But his ministry has lately been beset by corruption scandals, and defense officials were among a dozen figures forced to resign last month in the biggest political shakeup in Ukraine since the launch of Moscow’s assault.

Reznikov’s deputy Vyacheslav Shapovalov, who worked on providing logistical support for the army, resigned after the defense ministry was accused of signing food contracts at prices two to three times higher than current rates for basic foodstuffs.

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Russia’s Lavrov visits Baghdad to discuss bilateral relations, energy cooperation


Russian Foreign Minister Sergei Lavrov will arrive in Baghdad on Sunday to discuss boosting bilateral relations and energy cooper-ation, Iraqi Foreign Ministry spokesman said in a statement.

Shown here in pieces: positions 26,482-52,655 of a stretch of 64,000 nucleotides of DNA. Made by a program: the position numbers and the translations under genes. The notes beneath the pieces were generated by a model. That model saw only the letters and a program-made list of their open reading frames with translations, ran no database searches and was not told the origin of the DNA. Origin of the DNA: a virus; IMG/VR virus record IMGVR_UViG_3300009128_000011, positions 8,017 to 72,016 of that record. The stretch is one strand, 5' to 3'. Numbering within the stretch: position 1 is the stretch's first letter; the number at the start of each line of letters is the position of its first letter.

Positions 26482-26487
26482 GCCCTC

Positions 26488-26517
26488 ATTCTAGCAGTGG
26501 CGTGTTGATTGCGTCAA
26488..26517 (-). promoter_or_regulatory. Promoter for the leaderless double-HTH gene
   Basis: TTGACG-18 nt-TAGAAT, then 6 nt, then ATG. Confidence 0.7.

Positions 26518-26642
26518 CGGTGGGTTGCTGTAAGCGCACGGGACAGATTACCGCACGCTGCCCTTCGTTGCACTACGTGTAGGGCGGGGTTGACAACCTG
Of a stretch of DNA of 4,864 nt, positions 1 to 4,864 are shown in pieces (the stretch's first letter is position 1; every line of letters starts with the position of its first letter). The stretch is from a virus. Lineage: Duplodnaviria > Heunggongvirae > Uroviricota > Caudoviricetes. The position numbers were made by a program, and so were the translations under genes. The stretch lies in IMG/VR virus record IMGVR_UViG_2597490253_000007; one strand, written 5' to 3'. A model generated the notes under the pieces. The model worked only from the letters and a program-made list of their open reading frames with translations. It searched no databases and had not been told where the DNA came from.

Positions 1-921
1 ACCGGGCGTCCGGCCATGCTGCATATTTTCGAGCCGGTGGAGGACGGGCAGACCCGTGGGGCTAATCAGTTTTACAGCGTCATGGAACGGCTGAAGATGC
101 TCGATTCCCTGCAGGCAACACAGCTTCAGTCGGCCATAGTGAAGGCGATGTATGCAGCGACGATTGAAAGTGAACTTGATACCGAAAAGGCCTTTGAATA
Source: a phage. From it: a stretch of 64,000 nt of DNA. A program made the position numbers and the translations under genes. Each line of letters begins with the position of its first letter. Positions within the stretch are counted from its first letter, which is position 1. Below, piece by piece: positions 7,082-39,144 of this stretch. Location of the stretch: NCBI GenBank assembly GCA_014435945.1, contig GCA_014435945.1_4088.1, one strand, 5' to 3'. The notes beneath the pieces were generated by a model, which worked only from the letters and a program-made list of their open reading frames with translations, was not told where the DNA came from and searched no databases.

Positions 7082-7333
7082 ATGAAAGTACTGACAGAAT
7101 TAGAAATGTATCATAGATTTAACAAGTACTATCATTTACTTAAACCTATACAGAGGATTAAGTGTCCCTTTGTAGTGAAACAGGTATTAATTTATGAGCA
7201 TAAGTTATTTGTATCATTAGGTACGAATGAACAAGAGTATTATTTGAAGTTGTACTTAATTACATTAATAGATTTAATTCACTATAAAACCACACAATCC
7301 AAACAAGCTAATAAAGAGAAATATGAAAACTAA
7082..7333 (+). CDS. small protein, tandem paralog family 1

Lavrov, who is leading a delegation that includes oil and gas companies’ representatives, is scheduled to meet his Iraqi counterpart Fuad Hussein on Monday, Ahmed al-Sahhaf said in a statement.

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Sahhaf said the visit will focus on “strategic relations with Russia and to encourage investment opportunities, especially in relating to energy sectors.”
The Russian foreign minister will also meet on Monday Iraqi top officials, including Prime Minister Mohammed al-Sudani, Presi-dent Abdul Latif Rashid and parliament speaker, Sahhaf said.

Read more: Iran’s military helping smuggle weapons from Iraq to Russia: Report